Red pandas just became twice as cute. A new genetic analysis has revealed that the red panda is not one, but two separate species.
Scientists recently took a deep dive into the genomes of these bushy-tailed critters and confirmed that individuals can be clearly categorized into two distinct species: the Himalayan red panda (Ailurus fulgens) and the Chinese red panda (Ailurus styani).
It’s long been speculated that red pandas might be two separate species, but this was only based on how they look and where they live. This new research, reported in the journal Science Advances, is the first time it's been proven using hard genetic analysis.
Red pandas have reddish-brown fur, with a long shaggy tail, and a waddling gait due to their short front legs. Despite their name and appetite for bamboo, they’re not closely related to the giant panda. They are a distant relative of raccoons, although they are not too closely related to any living animal, and are the only living species of the genus Ailurus and the family Ailuridae.
Researchers from the Chinese Academy of Sciences analyzed DNA taken from blood, muscle, and skin samples of 65 red pandas from seven different wild populations across Asia. Within this cohort, the DNA revealed “substantial genetic divergence between the two species.” In addition, they found three genetic populations within the Chinese red panda species.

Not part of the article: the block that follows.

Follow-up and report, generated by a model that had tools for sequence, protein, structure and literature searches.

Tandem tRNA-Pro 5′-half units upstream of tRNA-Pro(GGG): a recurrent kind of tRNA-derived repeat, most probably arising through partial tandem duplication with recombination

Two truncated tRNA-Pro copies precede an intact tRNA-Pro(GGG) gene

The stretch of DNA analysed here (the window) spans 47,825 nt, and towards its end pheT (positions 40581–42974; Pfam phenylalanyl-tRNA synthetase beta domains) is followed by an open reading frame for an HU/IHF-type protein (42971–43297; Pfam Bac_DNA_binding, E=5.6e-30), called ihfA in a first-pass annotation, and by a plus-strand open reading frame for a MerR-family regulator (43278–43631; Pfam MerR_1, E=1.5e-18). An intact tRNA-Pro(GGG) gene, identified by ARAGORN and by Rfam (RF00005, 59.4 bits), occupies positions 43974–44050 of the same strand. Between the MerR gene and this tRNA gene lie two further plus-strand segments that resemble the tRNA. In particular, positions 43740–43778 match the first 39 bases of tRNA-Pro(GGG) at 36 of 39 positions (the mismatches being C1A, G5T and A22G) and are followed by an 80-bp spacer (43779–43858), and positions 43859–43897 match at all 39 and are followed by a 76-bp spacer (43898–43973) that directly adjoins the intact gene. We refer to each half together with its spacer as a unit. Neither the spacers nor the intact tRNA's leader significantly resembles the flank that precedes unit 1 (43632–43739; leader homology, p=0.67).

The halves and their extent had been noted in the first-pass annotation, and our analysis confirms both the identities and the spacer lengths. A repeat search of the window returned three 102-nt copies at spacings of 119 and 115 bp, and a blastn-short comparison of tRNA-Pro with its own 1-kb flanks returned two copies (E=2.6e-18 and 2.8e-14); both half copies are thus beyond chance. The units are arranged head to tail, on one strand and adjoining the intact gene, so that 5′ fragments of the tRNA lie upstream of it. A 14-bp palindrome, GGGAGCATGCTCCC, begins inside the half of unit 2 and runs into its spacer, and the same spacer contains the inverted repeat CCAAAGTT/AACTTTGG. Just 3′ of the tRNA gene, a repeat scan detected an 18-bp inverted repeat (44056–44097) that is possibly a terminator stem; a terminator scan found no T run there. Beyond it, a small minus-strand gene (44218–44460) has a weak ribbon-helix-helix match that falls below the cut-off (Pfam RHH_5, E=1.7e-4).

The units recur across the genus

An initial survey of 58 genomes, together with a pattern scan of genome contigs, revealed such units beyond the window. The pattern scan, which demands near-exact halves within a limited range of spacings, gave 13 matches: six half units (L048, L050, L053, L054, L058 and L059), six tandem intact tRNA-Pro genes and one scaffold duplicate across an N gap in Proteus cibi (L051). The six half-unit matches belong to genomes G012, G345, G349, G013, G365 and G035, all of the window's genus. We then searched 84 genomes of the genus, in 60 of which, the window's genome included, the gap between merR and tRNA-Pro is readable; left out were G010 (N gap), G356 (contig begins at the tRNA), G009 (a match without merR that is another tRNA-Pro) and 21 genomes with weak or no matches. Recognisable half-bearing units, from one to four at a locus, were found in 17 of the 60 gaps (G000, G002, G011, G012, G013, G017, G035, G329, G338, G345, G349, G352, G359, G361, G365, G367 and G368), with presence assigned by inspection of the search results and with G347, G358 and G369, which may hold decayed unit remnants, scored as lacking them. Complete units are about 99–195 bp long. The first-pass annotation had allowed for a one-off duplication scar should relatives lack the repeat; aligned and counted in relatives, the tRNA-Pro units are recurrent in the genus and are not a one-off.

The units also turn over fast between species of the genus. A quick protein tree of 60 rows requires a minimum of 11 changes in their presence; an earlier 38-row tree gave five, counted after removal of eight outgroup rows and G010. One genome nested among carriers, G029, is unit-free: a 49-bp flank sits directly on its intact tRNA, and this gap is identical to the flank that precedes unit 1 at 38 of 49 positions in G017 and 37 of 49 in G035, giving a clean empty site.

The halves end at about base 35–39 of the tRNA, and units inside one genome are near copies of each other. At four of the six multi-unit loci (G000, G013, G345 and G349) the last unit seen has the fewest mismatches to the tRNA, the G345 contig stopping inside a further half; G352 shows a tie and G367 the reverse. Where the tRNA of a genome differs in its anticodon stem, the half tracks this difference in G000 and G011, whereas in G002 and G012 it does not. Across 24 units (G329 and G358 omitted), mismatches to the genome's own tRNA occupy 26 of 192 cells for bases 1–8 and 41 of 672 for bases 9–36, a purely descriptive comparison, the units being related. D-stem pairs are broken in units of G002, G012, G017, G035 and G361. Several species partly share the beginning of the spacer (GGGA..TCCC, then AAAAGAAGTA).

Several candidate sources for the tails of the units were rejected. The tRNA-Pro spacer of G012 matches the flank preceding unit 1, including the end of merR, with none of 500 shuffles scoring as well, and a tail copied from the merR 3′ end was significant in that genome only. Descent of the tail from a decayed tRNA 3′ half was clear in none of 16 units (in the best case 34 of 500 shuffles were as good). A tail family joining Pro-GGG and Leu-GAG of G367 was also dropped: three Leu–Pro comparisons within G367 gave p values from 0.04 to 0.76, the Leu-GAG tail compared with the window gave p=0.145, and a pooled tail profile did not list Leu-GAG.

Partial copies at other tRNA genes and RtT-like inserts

The two species are divided by the Yalu Zangbu River. Chinese red pandas could be found north of the river in northern Myanmar, southeastern Tibet, and two southwestern provinces in China, while Himalayan red pandas were found south of the river in Nepal, India, Bhutan, and southern Tibet.
“The Himalayan red panda has more white on the face, while the face coat color of the Chinese red panda is redder with less white on it. The tail rings of the Chinese red panda are more distinct than those of the Himalayan red panda, with the dark rings being more dark red and the pale rings being more whitish,” study author Yibo Hu, a conservation biologist at the Chinese Academy of Sciences, told Reuters.
Unfortunately, both species are in danger. The IUCN Red List (which still lists red pandas as one species) states they are endangered and their numbers are decreasing. Their main threats are industrial activity, infrastructure development, and the destruction of habitat.
This new knowledge could have some big implications for their conservation. Along with introducing species-specific conservation plans, the researchers argue that conservationists should avoid interbreeding the two species in captivity.